You Are What You Eat

Drink in Moderation

Research suggests that drinking more than a glass of wine or a pint of beer a day can increase the risk of cancer. In the UK alcohol is being held responsible for some 13,000 cancer cases a year.

A study involving 363,988 people carried out in eight European countries and published by the British Medical Journal shows that one in ten cancers in men and one in 33 in women are linked to alcohol consumption.

Earlier research had already linked alcohol and cancers of the esophagus, liver, bowel and breast, the link coming from the fact that when the body breaks alcohol down it produces a chemical which can damage DNA.

Experts and cancer charities say people should limit their drinking to reduce the risk, particularly as the recent research points to women who have more than one drink a day and men who have more than two being particularly at risk of alcohol-related cancers.

The study’s lead researcher and author, Madlen Schutze, of the German Institute of Human Nutrition, says many cases of cancer could be avoided if alcohol consumption was limited. "Even more cancer cases would be prevented if people reduced their alcohol intake to below recommended guidelines or stopped drinking alcohol at all.”

Professor Karol SikoraCancer Partners UK Medical Director says the message is "drink occasionally, but not regularly. This is the best data we're ever likely to get. The take-home message is that the more alcohol you drink, some of the common cancers - the four cancers that have been identified - do increase. So the message has to be 'look at drinking habits, and reduce.'"

While cutting down on our alcohol consumption we can also try to eat foods that could lower our cancer risk. This is a good time of year to increase our intake of “cruciferous vegetables”, that’s veg like cabbage, cauliflower, broccoli, sprouts and the like.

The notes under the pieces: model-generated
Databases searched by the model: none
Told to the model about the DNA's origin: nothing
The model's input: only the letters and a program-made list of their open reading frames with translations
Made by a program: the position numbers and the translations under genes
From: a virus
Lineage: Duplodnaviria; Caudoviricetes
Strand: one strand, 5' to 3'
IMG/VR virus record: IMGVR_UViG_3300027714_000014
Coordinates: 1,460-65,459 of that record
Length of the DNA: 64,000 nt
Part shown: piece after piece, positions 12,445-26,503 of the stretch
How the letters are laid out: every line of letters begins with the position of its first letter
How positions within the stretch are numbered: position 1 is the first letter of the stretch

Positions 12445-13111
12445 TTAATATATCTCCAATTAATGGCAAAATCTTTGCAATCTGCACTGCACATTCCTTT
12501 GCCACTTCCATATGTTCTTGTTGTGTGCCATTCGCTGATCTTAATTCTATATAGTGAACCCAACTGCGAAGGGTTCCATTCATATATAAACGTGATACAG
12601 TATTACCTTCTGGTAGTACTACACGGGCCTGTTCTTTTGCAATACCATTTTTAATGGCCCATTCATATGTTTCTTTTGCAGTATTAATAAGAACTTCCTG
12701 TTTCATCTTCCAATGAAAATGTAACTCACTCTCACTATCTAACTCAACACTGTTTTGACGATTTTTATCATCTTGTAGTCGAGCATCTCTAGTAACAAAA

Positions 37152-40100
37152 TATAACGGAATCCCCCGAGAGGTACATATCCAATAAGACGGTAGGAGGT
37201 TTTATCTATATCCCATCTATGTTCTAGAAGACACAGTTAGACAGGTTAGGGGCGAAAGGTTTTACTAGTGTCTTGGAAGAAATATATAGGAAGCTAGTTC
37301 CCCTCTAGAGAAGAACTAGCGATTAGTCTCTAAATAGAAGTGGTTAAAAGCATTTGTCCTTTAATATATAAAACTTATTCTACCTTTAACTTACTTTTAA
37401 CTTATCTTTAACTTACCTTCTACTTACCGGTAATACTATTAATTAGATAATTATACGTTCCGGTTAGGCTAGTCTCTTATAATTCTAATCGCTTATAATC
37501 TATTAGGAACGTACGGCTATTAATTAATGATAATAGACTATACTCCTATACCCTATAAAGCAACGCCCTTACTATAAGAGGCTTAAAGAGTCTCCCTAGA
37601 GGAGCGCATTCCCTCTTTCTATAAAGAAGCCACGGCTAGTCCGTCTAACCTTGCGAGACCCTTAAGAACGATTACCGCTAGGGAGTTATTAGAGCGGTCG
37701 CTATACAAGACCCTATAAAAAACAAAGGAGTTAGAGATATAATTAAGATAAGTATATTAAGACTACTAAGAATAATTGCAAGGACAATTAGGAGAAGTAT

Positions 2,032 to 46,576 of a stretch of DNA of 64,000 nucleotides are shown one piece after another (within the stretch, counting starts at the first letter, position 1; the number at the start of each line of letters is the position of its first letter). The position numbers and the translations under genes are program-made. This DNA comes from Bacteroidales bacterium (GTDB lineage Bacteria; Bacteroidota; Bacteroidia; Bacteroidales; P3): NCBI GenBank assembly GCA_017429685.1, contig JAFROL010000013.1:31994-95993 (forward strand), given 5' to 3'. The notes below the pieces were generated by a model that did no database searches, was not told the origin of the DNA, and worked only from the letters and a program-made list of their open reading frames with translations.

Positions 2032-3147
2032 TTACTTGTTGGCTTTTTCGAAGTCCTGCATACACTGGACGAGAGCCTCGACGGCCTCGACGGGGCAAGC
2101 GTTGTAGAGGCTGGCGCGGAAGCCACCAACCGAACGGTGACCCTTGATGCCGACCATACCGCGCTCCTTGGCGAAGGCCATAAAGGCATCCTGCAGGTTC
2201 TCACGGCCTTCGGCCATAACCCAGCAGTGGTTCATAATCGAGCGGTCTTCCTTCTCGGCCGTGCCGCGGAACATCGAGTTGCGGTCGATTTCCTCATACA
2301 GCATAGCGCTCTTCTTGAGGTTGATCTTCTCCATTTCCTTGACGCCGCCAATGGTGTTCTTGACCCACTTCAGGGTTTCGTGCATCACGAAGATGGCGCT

Experts often recommend also that we reduce our risk of breast cancer by eating less red meat and avoiding vegetable oils and their products, which include most mayonnaise and margarine and some salad oils. 

The World Cancer Research Fund believes more than a third of the most common 12 cancers could be prevented by lifestyle changes and that while no one food can avert the onset of cancer a combination of mainly plant-based foods can provide extra protection through healthy nutrients and antioxidants.

Researchers recommend, in addition to cruciferous vegetables, tomatoes, beans, onions and garlic, berries, dark green leafy vegetables and whole grains. Even peanut butter and baked beans, both high in fibre, are said to protect against colon cancer.

Obesity is also associated with higher cancer risk. So drink less alcohol, eat your greens and get exercising. You know it is good for you.

Patricia McLoughlin